Although the songbird babies have flown the proverbial nest, the clinic is still very busy. WNV seems to be hitting the raptor world hard this year in the Wisconsin northwoods, and each bird that enters the clinic comes in a very critical state. Several of these birds come in very weak, emaciated, and spooked. One minute you look into their eyes and everything is okay, the next minute they are looking at you as if you were a giant purple monster and exhibiting more aggression. Each bird is handled with extreme care.

Time to head out for the day! Remember... REGI TOURS HAVE BEEN EXTENDED THROUGH SEPTEMBER! Tours will be held on Tuesdays and Thursdays at 10AM. Spots are limited, and pre-registration is required. Please call (715)623-2563 to reserve your spots!

- Katie Rymer, Assistant Avian Rehabilitator 

Friday, August 17, 2012

Lead Loon: Surgery, Recovery, & RELEASE!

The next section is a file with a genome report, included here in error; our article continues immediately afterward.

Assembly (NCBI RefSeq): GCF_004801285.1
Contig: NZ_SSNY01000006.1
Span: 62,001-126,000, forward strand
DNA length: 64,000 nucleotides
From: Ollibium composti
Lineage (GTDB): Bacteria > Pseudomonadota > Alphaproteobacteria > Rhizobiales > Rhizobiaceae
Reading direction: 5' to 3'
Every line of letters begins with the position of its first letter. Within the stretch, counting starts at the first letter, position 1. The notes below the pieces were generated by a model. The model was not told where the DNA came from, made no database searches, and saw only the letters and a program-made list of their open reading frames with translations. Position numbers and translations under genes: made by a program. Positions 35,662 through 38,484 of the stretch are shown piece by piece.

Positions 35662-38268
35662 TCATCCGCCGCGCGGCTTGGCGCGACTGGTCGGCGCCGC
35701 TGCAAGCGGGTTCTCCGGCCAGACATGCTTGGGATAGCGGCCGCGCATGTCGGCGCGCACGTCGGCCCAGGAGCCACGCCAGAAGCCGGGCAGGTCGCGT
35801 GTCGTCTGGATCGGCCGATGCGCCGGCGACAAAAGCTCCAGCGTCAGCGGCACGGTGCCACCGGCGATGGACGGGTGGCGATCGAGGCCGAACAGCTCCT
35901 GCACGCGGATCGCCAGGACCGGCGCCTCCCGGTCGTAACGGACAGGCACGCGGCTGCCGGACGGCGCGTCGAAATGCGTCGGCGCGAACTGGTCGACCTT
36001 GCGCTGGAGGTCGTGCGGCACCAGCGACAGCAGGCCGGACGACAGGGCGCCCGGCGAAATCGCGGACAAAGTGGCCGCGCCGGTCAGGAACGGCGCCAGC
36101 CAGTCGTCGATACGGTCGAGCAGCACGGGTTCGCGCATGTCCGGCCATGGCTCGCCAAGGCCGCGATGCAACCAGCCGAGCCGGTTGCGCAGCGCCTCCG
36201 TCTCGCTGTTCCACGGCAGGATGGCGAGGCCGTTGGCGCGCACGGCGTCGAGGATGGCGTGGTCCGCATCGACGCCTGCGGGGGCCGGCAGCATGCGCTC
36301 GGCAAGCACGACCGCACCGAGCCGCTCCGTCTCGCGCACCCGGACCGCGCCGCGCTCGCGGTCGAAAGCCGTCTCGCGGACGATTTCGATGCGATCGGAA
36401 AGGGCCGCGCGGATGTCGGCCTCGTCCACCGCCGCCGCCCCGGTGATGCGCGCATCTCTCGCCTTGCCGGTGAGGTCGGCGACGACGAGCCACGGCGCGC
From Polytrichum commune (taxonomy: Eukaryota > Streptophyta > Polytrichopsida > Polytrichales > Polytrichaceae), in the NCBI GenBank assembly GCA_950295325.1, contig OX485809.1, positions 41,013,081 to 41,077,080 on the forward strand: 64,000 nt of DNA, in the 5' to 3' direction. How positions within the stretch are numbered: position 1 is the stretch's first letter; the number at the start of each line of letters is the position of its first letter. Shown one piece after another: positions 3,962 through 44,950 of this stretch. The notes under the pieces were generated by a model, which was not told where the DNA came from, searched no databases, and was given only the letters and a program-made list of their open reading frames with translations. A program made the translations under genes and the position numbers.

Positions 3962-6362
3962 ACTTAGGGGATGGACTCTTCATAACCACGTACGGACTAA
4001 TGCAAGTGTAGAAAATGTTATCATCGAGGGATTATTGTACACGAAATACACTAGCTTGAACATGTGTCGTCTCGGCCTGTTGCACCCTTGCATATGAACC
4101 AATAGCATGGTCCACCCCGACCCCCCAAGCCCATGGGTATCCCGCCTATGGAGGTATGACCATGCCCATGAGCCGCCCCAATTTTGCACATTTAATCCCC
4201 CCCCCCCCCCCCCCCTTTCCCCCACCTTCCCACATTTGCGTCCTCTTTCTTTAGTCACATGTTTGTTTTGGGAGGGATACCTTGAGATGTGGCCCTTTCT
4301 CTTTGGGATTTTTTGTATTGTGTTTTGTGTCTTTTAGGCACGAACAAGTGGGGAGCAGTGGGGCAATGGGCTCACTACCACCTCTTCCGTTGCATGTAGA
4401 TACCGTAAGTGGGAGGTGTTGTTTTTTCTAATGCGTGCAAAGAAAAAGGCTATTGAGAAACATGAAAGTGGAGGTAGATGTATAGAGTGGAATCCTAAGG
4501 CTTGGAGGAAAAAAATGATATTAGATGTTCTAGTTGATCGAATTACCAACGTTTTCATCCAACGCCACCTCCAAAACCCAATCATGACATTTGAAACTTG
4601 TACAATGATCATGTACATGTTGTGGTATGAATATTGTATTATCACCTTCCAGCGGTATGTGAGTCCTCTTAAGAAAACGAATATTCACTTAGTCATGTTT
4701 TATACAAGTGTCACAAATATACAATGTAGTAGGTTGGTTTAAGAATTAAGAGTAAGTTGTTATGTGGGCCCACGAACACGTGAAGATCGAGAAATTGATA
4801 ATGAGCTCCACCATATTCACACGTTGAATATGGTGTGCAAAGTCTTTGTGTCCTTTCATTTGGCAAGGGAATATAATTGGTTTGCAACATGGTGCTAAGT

We have spectacular news on the lead filled loon

Our staff & loon breathed a sigh of relief at the Antigo Veterinary Clinic this past week as an operation was completed to remove the lead sinkers. We crossed our fingers as the loon underwent a procedure that has only been completed a handful of times in avian rehabilitation history!!! This blog is a recap of the procedure, recovery, and RELEASE!!!!!!

For those of you who are not aware of the loon's story, he was found washed up in a marina unaware of his surroundings. Upon being admitted to the REGI clinic, the loon's blood lead levels were so high our device had no way of knowing what the true level was, and the X-ray a day later confirmed our fears. The loon had 2 lead sinkers in its gizzard. death sentence for any loon not brought in for treatment. To add to the loons growing list of problems, he came in with a severe case of avian botulism.